Lowick Motte

Has been described as a Certain Timber Castle (Ringwork)

There are earthwork remains

NameLowick Motte
Alternative NamesLow Steads
Historic CountryNorthumberland
Modern AuthorityNorthumberland
1974 AuthorityNorthumberland
Civil ParishLowick

Ring-shaped enclosure with single rampart. Area approx. 1/4 acre. The situation is on the tip of a promontary formed by the junction of two small valleys a little over the 200 foot contour. The main earthwork has been formed by cutting off the promontory by a deep ditch. Spoil from this ditch has been used to form a strong inner rampart on the SE side of the enclosed area which has been scarped to form an almost perfect circle. On the west side the scarping has encountered a slight shoulder in the natural slope, resulting in the formation of a slight outer ditch at this point. The main ditch has an average width of 13.0m. The inner bank has a maximum height of 2.5m internally and 5.0m above the bottom of the ditch. The only entrance to the enclosed area is to the NW where there is a slight lowering of the lip and a causeway to ease the steep scarped slope. There is a slight rampart on the edge of the scarped slope on each side of the entrance. The bracken covered interior shows no traces of habitation. The profile of the slopes is sharp and very little silting up of the ditch has occurred. It is concluded that this earthwork is a ring castle of early mediaeval date. Centred NU 03323950. To the immediate south of the above are the remains of an enclosure that apparently consisted of two concentric ramparts. To the north the ramparts have been destroyed by the later ditch of the ring castle, while to the east all traces have been obliterated by cultivation. The two ramparts consist of banks of earth and stone. The inner bank has an average width of 6.0m and a maximum height of 1.0m while the outer bank has corresponding dimensions of 5.0m and 0.8m. There is a gap, possibly an entrance, on the south side. The bracken-covered interior shows no traces of occupation. The situation is on level ground with the natural slopes of a small valley immediately to the west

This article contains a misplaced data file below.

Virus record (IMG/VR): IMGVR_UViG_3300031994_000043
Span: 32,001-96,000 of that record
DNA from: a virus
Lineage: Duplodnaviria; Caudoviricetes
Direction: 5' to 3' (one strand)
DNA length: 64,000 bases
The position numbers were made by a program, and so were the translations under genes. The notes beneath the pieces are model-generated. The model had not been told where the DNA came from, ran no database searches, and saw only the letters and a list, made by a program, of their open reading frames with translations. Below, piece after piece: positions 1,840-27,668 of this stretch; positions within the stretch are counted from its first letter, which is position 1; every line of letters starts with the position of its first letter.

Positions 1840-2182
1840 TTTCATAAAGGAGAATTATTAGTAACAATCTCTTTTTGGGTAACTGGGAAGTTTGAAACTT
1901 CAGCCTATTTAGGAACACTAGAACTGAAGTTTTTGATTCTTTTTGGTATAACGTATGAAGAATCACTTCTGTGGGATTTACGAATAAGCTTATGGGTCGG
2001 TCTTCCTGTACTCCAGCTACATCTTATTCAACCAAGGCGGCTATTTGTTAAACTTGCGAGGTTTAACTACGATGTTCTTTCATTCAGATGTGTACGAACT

The remains are too fragmentary for any certain conclusions, but the nature of construction and dimensions of the banks are similar to earthworks discovered in the Cheviot Hills, which have yet to be classified as to period, but whose purpose was possibly pastoral. There are streams forming adjacent sources of water for both earthworks (OS). The ring castle and adjacent earthwork are as described. No entrance is apparent in the south side of the earlier earthwork. Only the scarp of the inner bank of this work is evident, a later field bank a dike having been built on top; the footings of the later bank continue for some distance south of the earthwork (F1 EG 16-NOV-55). (PastScape)

Gatehouse Comments

Presumably a Norman enlargement of an earlier (? prehistoric) enclosure. The lack of later history suggests early abandonment. Seemingly missed by D.J.C. King and may have been considered as purely pre-historic by Hogg and this view may have influenced him.

- Philip Davis

This site is a scheduled monument protected by law

Not Listed

Historic England (PastScape) Defra or Monument number(s)
County Historic Environment Record
OS Map Grid ReferenceNU033395
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  • Salter, Mike, 1997, The Castles and Tower Houses of Northumberland (Malvern: Folly Publications) p. 77
  • Jackson, M.J.,1992, Castles of Northumbria (Carlisle) p. 85 (plan)
  • Dodds, Madeleine Hope (ed), 1935, Northumberland County History (Newcastle-upon-Tyne) Vol. 14 p. 63,98


  • Hogg, A.H.A. 1947, 'A new list of the native sites of Northumberland' Proceedings of the Society of Antiquaries of Newcastle-upon-Tyne (ser4) Vol. 11 p. 153